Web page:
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Arts Agenda - Pop smart

Local academic plumbs the depths of 'Buffy'

It used to be that film scholars were the crackpots, looked down upon by the humanities and literature crowd as proponents of a quack discipline.

But now that film is accepted as a legitimate art form and its professors securely tenured or comfortably retired, television studies has become the latest bastard science — the new questionable forum for academic theory wrasslin'.

Ronda Wilcox, a professor of English at Gordon College in Barnesville, Ga., is probably tired of sticking up for the latest network offerings amongst the Virginia Woolf and Shakespeare set. As rare as an orchid in the Arctic, Wilcox is as big a fan of high culture as she is of low, and her current lowbrow obsession couldn't inspire more snickers.

Wilcox, it seems, is mad about Buffy.

Wilcox has undeniable street cred in the ivied academic sense. She has an undergraduate degree from the University of North Carolina-Greensboro, a Ph.D. from Duke and a full professorship under her belt. And she has chosen to apply that high-minded seriousness to the most disreputable of study areas, the teenybopper adventure series "Buffy the Vampire Slayer." Created by third-generation TV writer Joss Whedon and starring the big-eyed babe Sarah Michelle Gellar, "Buffy" centers on a girl "slayer" whose mission is to keep vampires at bay in her slice of California.

"The thing I'm trying to get across is that a lot of times people have an unfortunate snobbery about whatever is being written during the time period that they live in," says Wilcox of the disdain some have heaped on television studies.

For instance, says Wilcox, Shakespeare's plays in their time were "not considered to be high on the list of literary art." Likewise Dickens, she says, building her case toward Buffy acceptance.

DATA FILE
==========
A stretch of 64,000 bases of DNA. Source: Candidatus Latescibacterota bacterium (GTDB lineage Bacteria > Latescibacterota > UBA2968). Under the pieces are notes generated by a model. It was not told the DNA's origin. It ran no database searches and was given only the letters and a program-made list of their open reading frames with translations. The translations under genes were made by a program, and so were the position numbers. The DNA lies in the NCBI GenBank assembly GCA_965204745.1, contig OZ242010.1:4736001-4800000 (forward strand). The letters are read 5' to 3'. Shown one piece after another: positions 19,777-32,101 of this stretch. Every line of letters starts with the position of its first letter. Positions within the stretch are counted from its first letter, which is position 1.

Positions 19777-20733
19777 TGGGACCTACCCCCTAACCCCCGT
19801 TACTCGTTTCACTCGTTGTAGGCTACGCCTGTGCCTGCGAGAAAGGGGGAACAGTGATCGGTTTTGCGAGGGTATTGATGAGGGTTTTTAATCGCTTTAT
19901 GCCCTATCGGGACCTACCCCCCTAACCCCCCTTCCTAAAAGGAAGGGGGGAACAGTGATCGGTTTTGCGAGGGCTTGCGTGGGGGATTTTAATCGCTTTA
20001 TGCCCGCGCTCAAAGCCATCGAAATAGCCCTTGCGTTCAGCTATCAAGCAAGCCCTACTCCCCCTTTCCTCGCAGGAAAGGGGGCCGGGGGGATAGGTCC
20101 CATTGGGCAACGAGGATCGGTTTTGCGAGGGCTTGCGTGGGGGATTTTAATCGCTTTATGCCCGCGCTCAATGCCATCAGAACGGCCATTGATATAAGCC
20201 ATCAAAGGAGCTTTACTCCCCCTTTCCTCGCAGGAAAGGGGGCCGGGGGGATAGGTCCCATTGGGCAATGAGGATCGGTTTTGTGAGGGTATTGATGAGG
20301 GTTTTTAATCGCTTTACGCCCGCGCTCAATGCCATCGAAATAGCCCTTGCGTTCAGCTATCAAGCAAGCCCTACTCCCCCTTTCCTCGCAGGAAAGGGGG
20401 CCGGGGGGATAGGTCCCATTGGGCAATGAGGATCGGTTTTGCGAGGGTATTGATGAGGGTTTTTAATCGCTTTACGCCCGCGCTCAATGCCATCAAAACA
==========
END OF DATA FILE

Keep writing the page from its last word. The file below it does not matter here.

When Wilcox is not watching "Buffy," she is writing about the show as a trailblazer in the field of Buffy just co-edited a well-reviewed anthology (with David Lavery) of writings about "Buffy" titled Fighting the Forces: What's at Stake in 'Buffy the Vampire Slayer'.

Wilcox's students "think it's fun" that their professor is hooked on Whedon's vampire heroine and her bildungsroman transformation from cleavage-baring teen hottie to empowered feminist heroine and college student. "Buffy" enthusiasts, both its fans and academic commentators, like to talk about the series' use of vampirism as a metaphor for teen tribulations, like a bad boyfriend who turns out to be a literal monster, or teenage cliques represented as packs of hyenas who eat the Sunnydale High School principal (see also I Was a Teenage Werewolf, The Lost Boys, Teen Wolf etc.). But "Buffy" is more than a horror show of adolescent mutation. It subverts the horror movie cliche of helpless women attacked by monsters, instead offering up an ass-whooping feminist avenger.

"Symbolic" television like "Buffy," says Wilcox, features fantasy elements that allow it to address deeper themes and meanings such as the role of women in today's society. Like Barbie and Jackie O. in their glory days, "Buffy" has become a potent cultural barometer invested with the post-feminist values of her age, a starting point for roiling debate about gender roles, race, homo- sexuality, mother-daughter rivalry and probably any other issue exploitable in its six-year run.

"The center of meaning is this story of a young girl that people can identify with because she has something heroic within her, and yet the world at large doesn't see it," says Wilcox.

Whether you agree with the elevation of "Buffy" to the status of art, you can't help but admire enthusiasts like Wilcox for their very atypically academic, fan-like infatuation.

"I think all of us are always fighting the forces, and that's why people can identify with 'Buffy.'"



Fighting the Forces: What's at Stake in 'Buffy the Vampire Slayer.' Edited by Rhonda V. Wilcox and David Lavery, Rowman & Littlefield Publishers Inc., 290 pages, $24.95.??



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